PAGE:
Our huge successes for this goal are, of course, LEED Platinum and Gold Certifications for our Newark Center and Student Services Building, respectively. We continually reap the benefits of these sustainable facilities through energy cost savings, financial support, and positive attention from governmental and business groups and the media. I couldn’t count the number of tours of the Newark Center we’ve given. This accomplishment alone has really put Ohlone on the map. For example, at a recent Community College Board of Governors meeting, the Executive Vice Chancellor referred to Ohlone as the #1 college in the system in the area of sustainability! To complement our leadership in sustainability, we have appointed a coordinator of environmental programs and services.
We made progress to improve the Fremont campus with upgrades and repairs, some of which I described earlier. But you are well aware that we have a long way to go to improve this campus. I’ll speak more about our plans when I talk about our new goals.
We’ve done a good job in increasing public and private funds for our educational programs, equipment, and facilities through grants and the college foundation. Specifically in addressing one of our objectives, the Ohlone College Foundation endowment has grown from $650,000 to $2.2 million, exceeding the $2 million goal we set five years ago. The Capital Campaign to make Newark the wonderful learning environment that it is raised a total of $3.4 million, about $1.5 million contributed by the Wayne and Gladys Valley Foundation and another $1.9 million raised through other revenue and in-kind contributions. In addition to the Capital Campaign, the Foundation has raised just over $2 million for college programs and student scholarships in the past 5 years.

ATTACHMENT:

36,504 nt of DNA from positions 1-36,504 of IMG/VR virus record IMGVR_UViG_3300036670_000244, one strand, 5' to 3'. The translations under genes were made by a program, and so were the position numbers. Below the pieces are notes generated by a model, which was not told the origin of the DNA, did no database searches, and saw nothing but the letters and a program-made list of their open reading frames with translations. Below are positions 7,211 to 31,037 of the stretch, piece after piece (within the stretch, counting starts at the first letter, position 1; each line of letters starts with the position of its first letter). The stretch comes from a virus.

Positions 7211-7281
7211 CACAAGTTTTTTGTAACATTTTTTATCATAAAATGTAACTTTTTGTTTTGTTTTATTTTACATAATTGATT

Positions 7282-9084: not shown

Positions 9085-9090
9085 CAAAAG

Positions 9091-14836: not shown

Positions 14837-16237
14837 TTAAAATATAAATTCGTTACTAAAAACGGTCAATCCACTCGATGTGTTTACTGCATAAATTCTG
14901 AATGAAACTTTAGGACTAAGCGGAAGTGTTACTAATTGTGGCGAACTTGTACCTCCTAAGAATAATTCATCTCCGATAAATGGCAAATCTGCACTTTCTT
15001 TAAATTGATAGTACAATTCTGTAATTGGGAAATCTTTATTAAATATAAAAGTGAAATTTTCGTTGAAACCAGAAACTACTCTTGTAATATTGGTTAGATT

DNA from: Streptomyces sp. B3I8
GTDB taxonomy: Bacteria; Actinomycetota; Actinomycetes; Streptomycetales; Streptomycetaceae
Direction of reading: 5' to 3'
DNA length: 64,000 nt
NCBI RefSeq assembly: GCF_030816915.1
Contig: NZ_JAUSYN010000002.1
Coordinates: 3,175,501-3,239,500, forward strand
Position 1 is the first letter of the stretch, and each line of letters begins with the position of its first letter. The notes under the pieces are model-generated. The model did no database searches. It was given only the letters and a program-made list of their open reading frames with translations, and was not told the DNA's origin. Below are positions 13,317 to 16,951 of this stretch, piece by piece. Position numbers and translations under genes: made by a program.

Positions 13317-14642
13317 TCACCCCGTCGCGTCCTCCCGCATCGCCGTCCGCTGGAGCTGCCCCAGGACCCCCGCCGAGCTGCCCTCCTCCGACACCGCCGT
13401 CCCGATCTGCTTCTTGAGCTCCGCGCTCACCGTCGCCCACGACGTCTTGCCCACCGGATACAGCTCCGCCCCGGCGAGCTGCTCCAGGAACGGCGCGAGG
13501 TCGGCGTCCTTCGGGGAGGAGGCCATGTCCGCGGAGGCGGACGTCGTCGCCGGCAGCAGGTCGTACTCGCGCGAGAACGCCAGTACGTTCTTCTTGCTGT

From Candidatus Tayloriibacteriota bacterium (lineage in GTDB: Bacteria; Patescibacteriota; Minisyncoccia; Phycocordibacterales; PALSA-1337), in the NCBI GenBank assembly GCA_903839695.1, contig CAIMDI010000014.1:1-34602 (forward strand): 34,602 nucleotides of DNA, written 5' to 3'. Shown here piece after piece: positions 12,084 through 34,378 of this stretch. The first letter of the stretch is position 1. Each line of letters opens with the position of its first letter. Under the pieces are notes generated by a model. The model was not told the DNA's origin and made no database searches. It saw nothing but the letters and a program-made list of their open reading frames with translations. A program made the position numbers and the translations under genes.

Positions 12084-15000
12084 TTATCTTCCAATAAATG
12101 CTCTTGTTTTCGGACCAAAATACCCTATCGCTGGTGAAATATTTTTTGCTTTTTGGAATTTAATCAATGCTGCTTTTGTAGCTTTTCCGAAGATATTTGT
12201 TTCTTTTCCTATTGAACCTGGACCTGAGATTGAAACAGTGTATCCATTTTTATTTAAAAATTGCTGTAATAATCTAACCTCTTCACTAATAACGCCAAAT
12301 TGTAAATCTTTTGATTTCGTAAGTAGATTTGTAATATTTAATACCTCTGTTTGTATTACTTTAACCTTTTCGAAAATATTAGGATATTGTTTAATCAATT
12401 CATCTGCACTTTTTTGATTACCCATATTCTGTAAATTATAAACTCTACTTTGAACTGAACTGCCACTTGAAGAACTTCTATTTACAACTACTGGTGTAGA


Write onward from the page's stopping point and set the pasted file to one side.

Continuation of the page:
We have also brought in 20 grants totaling just under $5 million. This total does not include our $1,750,000 Title 3 grant, which has supported much of the progress we have made on our strategic goals. Ohlone students have also benefited from the Washington Hospital Grant for the Nursing Program which allowed us to increase our capacity by 50% for several years.
What progress have we made in developing and implementing a district-wide facilities plan?
This year, after several years of collegial dialogue and preparation, we completed and the Board approved a Facilities Master Plan for the Fremont campus. The plan provides a vision for the campus over the next 15 years and a foundation for specific improvement projects to be accomplished in four phases. The plan will address the educational needs of our students, as it is grounded in our Educational Master Plan and Technology Plan. This plan will be referenced in the election pamphlet for Measure G, the $349 million general obligation bond placed on the November ballot. Funding from the bond would allow us to implement the plan.